Camulodunum sat at the center of events in the early Roman history of Britain. Names in the old Roman histories and inscriptions like Cassivellaunus and Addedomarus live on in bards’ songs as Caswallawn and Aedd the Great, one of the Three Founders of Britain. The city was one of the Roman coloniae, and their first capital of the island, before Londinium. After centuries of life under the empire, however, those early stories of resistance have faded, and the Trinovantes have become one of the most heavily romanized tribes in the island.
Caius Hectorius became the first King of Camulodunum during the Revolution. He was a close ally of Gaius Ambrosius Aurelius. When Vortigernos gave the territory of the Cantiaci to the Saxons, Hectorius joined Ambrosius’s side in the civil war against Vortigernos. After Wallop, Vortigernos had Hectorius executed.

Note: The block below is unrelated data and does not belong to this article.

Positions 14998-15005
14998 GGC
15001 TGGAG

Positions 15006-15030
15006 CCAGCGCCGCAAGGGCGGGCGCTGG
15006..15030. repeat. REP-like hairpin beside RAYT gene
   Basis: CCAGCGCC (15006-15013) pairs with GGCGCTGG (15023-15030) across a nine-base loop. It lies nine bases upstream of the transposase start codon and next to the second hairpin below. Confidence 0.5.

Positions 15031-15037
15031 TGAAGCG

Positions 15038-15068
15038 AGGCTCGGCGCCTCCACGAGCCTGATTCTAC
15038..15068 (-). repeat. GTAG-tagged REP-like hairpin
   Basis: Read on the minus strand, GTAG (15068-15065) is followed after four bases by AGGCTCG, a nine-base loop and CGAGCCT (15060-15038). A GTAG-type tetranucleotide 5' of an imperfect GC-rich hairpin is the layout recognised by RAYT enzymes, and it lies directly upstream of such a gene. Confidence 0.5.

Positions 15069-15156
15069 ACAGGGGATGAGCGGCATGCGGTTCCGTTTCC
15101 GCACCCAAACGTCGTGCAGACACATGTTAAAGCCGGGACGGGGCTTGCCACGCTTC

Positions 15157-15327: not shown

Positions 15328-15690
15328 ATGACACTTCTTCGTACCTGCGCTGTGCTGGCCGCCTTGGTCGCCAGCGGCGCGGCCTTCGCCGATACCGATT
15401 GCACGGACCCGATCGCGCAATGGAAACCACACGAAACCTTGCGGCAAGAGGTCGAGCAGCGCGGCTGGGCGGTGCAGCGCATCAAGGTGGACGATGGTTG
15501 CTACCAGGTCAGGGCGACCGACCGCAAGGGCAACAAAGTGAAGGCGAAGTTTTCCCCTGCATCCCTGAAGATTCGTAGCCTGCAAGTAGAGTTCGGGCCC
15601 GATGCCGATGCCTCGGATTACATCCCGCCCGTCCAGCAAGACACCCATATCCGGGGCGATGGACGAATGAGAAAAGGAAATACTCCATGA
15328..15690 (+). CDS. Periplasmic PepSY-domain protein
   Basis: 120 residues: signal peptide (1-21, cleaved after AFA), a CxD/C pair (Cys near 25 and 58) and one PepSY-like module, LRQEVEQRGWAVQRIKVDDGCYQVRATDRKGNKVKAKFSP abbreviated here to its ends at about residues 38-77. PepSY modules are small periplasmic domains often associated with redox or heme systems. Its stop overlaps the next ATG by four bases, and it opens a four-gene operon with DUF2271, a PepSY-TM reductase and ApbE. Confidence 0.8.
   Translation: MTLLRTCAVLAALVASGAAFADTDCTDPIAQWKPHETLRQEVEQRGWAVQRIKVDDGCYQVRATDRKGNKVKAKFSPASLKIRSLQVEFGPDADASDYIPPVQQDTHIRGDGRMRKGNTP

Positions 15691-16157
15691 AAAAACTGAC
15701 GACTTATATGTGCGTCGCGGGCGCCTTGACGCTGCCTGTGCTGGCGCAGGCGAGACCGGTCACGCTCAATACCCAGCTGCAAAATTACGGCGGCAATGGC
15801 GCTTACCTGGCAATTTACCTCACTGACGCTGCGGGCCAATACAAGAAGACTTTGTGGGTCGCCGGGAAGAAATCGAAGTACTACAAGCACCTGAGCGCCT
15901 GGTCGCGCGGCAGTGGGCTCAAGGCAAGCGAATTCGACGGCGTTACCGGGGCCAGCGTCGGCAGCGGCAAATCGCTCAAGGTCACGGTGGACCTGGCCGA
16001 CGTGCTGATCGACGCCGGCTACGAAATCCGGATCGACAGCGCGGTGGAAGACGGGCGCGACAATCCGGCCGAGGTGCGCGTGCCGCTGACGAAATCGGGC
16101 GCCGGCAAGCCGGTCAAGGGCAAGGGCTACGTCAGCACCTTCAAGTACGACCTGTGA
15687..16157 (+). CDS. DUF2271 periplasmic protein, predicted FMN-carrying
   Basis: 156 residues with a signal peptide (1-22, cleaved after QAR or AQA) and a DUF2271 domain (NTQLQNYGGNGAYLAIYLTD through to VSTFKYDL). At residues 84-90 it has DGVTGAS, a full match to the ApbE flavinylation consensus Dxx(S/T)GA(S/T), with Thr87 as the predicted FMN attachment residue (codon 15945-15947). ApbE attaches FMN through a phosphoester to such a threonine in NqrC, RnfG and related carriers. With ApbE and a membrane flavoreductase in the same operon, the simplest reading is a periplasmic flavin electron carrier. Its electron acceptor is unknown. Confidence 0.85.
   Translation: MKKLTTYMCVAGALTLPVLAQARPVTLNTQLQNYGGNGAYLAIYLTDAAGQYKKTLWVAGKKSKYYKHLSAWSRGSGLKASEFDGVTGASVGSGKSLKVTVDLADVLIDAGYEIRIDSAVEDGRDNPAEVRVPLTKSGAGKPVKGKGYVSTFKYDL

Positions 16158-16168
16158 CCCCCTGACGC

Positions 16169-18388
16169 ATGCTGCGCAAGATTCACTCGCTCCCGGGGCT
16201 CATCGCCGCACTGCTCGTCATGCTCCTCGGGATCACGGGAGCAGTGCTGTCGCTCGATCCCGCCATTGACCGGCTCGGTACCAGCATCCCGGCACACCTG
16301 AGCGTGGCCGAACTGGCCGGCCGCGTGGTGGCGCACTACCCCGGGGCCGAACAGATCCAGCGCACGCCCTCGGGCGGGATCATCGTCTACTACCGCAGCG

Vortigernos could not topple the family line completely, though. Hectorius left behind two sons, Titus and Gnaeus. Titus Hectorius, the elder, became the new king of Camulodunum. Titus was more interested in ruling his kingdom well than throwing it into a new civil war pursuing a path of vengeance against Vortigernos. Gnaeus, on the other hand, went to Gaul, and eventually became Ambrosius Aurelianus’s magister militum, called Uther Pendragon (meaning, “terrifying head dragon”) by his soldiers.
Current Issue: The War Front
Camulodunum has become the crucial center in the war against the Saxons, with its port, and the Saxon Shore forts to the north taken over by the Wuffingas and those to the south taken by Ceint. The Trinovantes are exhausted after two generations of war.
Face: Titus Hectorius